13 O Raghava! Only they who are well acquainted with the meanings of Vedic words and those keen observers who have ceased to look upon phenomena can comprehend the Supreme Soul, and not others. 14 It is impossible for those who have light minds buried in the depth of egoism to ever to come to the sight of that light of the Self. 15 The wise look upon the fourteen regions of this world, together with multitudes of their inhabitants, as members of this embodied spirit.
16 There can be no creation or dissolution without its cause, and the work must be consistent with the skill of its maker. 17 If the work is accompanied with its cause, and the work alone is perceptible without its accompanying cause, then it must be an unreality because we have no perception of its cause. 18 The product must resemble its producer, just as the whiteness of the seawater produces white waves and froths. The productions of the most perfect God must bear resemblance to his nature in their perfection. But the imperfect world and the mind not being so, they cannot be said to have proceeded from the all perfect one.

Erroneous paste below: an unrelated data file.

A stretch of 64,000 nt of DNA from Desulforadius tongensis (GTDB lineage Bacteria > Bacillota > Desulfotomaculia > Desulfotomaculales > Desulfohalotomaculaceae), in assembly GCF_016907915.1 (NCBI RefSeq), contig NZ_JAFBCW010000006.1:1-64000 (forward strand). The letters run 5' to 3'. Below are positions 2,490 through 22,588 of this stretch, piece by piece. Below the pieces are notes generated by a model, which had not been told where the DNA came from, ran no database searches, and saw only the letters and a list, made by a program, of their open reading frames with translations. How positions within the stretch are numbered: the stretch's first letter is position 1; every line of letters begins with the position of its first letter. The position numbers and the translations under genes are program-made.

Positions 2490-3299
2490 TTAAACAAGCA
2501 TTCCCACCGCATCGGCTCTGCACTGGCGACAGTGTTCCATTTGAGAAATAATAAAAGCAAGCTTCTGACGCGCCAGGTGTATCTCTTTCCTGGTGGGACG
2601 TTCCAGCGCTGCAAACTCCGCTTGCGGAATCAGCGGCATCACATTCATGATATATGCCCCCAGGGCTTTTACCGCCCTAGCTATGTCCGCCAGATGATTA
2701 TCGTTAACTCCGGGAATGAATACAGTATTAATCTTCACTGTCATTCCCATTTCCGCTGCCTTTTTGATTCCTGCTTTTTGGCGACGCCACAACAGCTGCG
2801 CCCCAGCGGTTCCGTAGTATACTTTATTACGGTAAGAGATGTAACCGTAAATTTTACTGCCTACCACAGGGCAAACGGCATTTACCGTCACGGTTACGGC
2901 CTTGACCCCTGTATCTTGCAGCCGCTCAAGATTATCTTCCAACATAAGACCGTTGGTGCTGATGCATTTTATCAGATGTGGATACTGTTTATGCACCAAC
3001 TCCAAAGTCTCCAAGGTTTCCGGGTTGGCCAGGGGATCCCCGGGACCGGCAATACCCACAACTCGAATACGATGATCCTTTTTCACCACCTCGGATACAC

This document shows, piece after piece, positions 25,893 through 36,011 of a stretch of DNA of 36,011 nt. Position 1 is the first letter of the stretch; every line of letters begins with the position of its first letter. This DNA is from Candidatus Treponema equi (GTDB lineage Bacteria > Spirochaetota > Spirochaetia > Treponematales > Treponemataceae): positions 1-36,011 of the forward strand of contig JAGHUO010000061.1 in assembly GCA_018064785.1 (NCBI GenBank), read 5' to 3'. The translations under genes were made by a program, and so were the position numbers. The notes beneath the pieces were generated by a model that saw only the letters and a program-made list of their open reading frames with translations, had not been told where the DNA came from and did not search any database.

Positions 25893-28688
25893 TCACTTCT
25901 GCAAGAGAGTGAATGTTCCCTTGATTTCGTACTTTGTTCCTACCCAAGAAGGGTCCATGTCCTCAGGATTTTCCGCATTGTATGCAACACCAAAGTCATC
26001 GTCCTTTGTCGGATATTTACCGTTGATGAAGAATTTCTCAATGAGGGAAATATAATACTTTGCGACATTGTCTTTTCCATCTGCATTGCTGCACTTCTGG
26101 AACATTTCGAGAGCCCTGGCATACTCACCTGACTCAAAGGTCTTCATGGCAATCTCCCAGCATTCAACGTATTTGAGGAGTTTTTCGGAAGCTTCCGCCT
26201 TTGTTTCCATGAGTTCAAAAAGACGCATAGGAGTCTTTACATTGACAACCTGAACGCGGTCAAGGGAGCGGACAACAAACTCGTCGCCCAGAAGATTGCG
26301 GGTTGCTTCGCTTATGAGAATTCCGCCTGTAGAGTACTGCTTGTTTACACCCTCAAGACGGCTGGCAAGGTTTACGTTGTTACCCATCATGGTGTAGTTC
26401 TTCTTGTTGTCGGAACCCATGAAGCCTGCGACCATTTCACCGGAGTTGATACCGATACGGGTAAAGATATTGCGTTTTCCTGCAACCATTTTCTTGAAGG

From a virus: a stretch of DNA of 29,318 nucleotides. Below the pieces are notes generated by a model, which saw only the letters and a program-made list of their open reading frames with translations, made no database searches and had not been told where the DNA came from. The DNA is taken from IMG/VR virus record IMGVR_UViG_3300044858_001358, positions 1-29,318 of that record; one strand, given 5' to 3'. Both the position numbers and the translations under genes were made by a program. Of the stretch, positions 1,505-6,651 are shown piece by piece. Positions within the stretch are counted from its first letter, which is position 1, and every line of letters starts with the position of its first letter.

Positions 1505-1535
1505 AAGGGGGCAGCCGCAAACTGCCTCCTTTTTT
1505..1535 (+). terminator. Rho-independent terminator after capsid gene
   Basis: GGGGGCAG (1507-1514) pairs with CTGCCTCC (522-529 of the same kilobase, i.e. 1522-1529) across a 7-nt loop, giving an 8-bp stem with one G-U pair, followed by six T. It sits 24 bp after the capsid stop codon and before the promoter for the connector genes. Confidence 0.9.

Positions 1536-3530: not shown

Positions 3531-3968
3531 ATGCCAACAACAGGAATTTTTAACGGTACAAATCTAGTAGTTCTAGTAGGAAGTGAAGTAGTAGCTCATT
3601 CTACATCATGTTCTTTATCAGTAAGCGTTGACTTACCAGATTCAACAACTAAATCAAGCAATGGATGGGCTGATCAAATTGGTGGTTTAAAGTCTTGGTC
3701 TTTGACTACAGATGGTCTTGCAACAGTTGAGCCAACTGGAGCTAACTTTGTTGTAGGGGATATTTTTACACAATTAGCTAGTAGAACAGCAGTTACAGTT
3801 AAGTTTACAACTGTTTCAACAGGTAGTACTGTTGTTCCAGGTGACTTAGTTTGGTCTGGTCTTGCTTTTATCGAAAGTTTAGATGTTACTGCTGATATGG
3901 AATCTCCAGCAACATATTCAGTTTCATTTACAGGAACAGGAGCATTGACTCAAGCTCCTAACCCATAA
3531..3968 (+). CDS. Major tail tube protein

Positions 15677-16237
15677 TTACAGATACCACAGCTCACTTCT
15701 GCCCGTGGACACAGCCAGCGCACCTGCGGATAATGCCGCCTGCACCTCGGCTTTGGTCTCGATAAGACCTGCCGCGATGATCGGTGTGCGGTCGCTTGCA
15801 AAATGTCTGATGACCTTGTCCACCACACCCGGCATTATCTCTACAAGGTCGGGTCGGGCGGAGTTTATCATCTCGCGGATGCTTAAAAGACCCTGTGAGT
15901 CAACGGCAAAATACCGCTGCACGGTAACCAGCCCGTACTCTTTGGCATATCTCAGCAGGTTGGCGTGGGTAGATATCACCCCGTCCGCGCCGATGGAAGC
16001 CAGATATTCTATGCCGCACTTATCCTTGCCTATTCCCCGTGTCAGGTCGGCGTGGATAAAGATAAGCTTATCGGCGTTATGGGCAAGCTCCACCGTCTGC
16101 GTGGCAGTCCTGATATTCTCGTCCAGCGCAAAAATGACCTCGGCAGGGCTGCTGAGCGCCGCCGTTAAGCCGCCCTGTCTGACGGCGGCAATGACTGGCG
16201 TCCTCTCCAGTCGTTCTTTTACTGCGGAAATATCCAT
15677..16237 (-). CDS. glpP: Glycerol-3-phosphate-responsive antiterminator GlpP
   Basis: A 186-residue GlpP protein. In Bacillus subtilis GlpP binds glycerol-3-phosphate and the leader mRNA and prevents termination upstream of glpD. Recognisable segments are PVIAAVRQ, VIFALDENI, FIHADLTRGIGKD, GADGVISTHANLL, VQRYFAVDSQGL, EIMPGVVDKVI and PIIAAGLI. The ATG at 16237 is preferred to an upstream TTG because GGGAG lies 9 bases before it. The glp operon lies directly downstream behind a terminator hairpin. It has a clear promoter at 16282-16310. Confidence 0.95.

19 Therefore all this is the pure spirit of God, and the whole is the great body of Brahman. In the same manner one clod of earth is the cause of many a pot, and one bar of gold becomes the cause of many ornaments. 20 As the waking state appears as a dream in dreaming on account of the forgetfulness of the waking state, so the waking state seems as dreaming even in the waking state of the wise. 21 If what is seen is understood as a creation of the mind, it proves to be as false as water in the mirage. It proves at last to be a waking dream by the right understanding of it. 22 By right knowledge all material objects, together with the bodies of wise men, dissolve like the bodies of clouds in their proper season.